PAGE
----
Growing chilli peppers

Anybody on here like to grow chilli peppers? I've been growing them for the past few years now and you get surprisingly good results here in the UK. This growing season started off a bit iffy with the weather, but the sun has been shining over the past few weeks and my Cayenne chilli plants have some nice big peppers growing on them now! Can't wait to eat them later in the summer. I'd be interested in hearing if others enjoy growing them also. If you are interested in chillies and hot and spicy food, I've just started a website dedicated to chillies and spicy food. I'm also selling chilli seeds through the site includingg the second hottest variety in the world. I will be opening up a discussion forum on the site as well so that people can share their growing tips and spicy recipes!
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Regards,
Greg (www.chilli-heads.com)
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chilli-heads.com wrote:

Chilli seeds are commonly available in the US, but they are hard to grow. It's much better to start with seedlings started in a local nursery. I've grown habeneros, cayenne, jalapenos, Hungarian wax peppers from nurery stock. The growing season is quite long, resulting in a "success disasater" in early September. I pickle and dry the peppers but fresh is always betters.
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Where abouts in the U.S are you? As most of the US is further south than the UK, you get much better weather for growing them than we do. Over here it's quite hard to get seedlings at nurseries as growing chillies here is nowhere near as common an activity. I've also got some Bolivian Rainbow chilli plants growing this year which are in flower at the moment and are just starting to grow a few purple colour peppers!
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Regards,
Greg (www.chilli-heads.com)
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chilli-heads.com wrote:

We live NW of Boston, MA. Zone 5/6. The weather here is similar to London, but I believe London is a bit warmer. As I recall there are palm trees in Hyde Park but they would not survive here.
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What do you mean by "hard to grow"? Mine sprouted in about 8 days, indoors, with 6 packs on a layer of pebbles, and heating cables underneath. They were a day behind the bell pepper seedlings. All from Burpee.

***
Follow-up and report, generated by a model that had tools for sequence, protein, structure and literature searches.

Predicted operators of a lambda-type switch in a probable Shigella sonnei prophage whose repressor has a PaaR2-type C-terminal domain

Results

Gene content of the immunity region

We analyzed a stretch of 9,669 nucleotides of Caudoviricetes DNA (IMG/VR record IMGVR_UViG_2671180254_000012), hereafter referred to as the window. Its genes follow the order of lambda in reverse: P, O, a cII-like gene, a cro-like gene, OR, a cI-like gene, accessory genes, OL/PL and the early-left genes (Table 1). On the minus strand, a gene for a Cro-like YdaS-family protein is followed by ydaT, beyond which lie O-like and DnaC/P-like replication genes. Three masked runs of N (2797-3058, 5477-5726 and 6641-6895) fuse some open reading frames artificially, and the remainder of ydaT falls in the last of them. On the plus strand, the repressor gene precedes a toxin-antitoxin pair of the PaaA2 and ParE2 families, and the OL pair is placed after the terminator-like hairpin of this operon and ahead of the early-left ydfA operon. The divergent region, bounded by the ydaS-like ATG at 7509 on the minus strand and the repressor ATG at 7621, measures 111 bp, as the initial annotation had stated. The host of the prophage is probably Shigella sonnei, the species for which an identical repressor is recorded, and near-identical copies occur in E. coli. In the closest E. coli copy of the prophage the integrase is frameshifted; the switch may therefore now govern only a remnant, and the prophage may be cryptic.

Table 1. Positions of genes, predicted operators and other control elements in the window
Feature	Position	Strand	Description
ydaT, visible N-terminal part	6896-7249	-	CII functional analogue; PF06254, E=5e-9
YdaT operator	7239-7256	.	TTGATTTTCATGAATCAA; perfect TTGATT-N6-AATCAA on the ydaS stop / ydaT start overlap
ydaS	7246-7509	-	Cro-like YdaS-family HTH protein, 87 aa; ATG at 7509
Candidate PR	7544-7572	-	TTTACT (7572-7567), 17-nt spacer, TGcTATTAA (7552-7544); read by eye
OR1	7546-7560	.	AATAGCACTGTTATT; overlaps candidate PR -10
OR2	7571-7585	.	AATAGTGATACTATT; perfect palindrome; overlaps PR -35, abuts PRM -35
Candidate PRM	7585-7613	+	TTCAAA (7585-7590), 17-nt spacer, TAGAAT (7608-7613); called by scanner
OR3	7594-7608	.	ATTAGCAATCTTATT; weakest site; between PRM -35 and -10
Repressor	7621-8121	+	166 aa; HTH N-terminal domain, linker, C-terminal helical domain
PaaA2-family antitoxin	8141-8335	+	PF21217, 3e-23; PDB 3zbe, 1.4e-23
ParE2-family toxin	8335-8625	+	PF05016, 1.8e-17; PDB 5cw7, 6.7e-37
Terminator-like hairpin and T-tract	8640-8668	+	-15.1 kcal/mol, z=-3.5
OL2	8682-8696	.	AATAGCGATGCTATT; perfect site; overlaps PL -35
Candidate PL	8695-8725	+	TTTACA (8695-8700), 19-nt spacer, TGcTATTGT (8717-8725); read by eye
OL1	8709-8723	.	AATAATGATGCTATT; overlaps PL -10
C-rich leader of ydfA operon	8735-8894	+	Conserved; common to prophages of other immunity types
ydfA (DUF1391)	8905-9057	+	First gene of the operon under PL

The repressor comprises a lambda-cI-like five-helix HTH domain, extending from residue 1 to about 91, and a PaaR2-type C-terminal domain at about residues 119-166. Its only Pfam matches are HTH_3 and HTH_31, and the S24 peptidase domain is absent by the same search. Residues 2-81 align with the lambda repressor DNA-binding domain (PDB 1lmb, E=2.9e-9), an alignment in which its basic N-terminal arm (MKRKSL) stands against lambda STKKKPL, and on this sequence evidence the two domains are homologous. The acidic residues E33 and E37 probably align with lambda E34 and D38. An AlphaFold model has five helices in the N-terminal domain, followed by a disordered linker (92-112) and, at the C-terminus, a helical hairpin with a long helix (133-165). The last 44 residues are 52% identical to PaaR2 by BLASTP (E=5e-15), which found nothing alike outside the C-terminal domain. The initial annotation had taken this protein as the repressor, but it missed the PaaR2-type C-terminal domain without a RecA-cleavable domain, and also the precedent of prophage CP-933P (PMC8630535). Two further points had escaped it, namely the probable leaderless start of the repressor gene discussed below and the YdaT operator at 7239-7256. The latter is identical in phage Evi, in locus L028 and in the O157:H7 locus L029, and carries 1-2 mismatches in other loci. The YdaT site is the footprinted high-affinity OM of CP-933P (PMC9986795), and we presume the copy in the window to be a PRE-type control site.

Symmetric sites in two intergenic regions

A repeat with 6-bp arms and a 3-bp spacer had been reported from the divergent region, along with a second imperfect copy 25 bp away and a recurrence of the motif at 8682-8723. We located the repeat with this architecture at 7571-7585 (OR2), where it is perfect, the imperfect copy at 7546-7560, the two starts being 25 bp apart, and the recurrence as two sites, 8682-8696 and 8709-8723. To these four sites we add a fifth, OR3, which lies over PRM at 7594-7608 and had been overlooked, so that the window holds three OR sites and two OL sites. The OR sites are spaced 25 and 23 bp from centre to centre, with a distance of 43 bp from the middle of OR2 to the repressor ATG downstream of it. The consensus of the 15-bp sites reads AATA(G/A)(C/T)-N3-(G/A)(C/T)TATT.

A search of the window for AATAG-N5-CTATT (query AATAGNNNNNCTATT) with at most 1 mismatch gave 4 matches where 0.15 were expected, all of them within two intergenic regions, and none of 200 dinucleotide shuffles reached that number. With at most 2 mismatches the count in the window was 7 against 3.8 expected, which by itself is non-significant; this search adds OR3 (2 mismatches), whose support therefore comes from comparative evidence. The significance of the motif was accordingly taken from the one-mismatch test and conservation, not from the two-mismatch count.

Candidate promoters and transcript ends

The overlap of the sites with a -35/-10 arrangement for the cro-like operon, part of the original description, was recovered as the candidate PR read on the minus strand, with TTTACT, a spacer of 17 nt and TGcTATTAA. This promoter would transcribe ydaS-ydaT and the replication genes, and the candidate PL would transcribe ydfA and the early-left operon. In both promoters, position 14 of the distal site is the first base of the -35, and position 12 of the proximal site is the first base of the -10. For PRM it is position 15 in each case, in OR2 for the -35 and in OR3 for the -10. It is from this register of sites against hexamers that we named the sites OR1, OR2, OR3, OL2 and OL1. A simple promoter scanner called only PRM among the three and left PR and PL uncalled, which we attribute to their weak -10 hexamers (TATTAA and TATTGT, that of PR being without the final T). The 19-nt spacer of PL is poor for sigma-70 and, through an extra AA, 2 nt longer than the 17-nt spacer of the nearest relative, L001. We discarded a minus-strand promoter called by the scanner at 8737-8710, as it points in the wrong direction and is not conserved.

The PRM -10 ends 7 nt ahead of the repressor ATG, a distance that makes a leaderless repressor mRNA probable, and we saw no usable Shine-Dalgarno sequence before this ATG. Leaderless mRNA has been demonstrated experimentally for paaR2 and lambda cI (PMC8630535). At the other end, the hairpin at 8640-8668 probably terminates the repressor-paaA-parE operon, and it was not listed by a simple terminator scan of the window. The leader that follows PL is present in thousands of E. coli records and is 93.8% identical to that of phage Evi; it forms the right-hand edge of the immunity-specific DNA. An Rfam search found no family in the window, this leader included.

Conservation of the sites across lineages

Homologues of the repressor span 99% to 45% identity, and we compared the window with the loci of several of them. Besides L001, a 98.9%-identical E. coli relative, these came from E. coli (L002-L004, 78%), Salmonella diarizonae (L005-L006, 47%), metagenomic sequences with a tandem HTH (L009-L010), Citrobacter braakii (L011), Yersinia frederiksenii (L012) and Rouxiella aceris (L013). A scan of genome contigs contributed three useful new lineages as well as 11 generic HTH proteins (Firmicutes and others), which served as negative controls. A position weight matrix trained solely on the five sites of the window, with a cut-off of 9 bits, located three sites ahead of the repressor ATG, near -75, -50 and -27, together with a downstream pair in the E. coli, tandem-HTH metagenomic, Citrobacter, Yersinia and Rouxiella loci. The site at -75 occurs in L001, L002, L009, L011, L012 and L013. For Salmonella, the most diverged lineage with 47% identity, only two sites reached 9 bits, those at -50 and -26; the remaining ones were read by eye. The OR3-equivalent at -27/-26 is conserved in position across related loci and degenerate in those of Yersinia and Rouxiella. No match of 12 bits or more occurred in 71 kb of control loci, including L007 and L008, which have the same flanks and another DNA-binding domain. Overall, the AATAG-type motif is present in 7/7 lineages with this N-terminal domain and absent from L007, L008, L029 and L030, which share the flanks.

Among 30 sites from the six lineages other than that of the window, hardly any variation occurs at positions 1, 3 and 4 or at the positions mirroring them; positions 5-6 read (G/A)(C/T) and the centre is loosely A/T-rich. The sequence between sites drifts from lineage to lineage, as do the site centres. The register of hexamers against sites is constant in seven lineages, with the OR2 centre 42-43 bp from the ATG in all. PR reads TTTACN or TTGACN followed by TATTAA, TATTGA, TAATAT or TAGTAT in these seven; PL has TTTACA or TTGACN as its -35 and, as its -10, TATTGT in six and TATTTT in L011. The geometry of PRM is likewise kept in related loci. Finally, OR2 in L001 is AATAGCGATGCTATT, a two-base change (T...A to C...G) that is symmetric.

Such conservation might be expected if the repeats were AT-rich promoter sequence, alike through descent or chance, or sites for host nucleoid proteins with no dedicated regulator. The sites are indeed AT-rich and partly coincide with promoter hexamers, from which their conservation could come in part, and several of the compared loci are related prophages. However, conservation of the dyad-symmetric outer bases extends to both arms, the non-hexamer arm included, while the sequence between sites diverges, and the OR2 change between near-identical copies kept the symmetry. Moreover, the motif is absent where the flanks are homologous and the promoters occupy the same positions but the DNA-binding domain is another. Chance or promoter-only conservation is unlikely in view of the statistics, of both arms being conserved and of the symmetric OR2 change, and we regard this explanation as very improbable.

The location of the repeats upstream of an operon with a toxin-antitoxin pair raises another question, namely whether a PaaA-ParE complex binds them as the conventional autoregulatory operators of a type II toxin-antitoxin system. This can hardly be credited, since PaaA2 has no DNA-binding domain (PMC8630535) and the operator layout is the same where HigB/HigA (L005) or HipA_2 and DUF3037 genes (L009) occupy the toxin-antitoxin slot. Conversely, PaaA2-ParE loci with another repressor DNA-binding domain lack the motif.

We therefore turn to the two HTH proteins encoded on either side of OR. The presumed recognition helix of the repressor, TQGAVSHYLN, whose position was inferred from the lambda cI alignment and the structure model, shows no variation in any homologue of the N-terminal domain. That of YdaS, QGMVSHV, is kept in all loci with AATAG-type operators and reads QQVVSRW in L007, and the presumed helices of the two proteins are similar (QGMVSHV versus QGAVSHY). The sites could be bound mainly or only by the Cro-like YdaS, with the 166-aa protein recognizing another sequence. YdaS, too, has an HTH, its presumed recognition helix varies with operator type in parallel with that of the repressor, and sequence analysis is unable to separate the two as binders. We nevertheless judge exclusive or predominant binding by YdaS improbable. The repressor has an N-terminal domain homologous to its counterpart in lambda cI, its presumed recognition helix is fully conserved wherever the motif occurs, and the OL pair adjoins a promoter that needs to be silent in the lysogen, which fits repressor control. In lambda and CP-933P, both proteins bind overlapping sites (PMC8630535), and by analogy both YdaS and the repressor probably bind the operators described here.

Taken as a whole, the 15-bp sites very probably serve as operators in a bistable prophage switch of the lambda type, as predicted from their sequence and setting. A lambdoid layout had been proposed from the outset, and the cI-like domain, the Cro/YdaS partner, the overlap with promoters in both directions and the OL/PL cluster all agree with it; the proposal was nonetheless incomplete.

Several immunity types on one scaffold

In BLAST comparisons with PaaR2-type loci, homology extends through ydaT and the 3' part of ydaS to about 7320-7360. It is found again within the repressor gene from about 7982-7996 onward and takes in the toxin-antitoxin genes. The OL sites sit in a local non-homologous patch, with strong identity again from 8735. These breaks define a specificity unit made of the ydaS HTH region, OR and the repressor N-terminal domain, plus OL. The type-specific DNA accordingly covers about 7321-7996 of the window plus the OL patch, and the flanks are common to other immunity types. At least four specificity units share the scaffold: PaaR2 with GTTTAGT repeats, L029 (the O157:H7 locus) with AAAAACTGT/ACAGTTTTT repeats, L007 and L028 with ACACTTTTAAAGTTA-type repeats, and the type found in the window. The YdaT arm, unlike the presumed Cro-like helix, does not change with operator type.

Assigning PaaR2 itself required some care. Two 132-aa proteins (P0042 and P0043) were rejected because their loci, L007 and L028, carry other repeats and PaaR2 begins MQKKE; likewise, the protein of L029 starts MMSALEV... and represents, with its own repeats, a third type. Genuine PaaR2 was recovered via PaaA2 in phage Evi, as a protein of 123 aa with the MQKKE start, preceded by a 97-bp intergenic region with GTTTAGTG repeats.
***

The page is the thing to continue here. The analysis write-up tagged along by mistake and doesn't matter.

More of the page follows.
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Doug Kanter wrote:

My experience is that yes, the seeds sprout easily, but the plants stall in their development when they are moved outside. This takes a few weeks away from the growing season.
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Is there any way you can more closely reproduce the conditions established by the local nursery? Maybe not a heated greenhouse, but how about a well made cold frame? They are useful for plenty of other things after the early season seedlings have been transplanted.
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Doug Kanter wrote:

I suspect the low humidity in the house is the problem. But over the many years I have tried many things. The bottom line is the easiest, most reliable way to get peppers is to buy from a local guy that has never failed me.
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In article snipped-for-privacy@chilli-heads.com says...

At the garden center in the Menards parking lot (not affiliated with Menard), I bought 3 Chef Jeff's, the worlds hottest pepper. It's supposed to be twice as hot a habenaro. I don't know how they can make that claim but they do.
I'm growing 4 chilis, 4 habenaros, 1 cayenne, 1 overwintered chili, and those 3 Chef Jeffs. The ones in full sunrise to sunset sun are having problems. The ones who have to fight for sun or realize that if they don't grow they will lose sun are doing really well.
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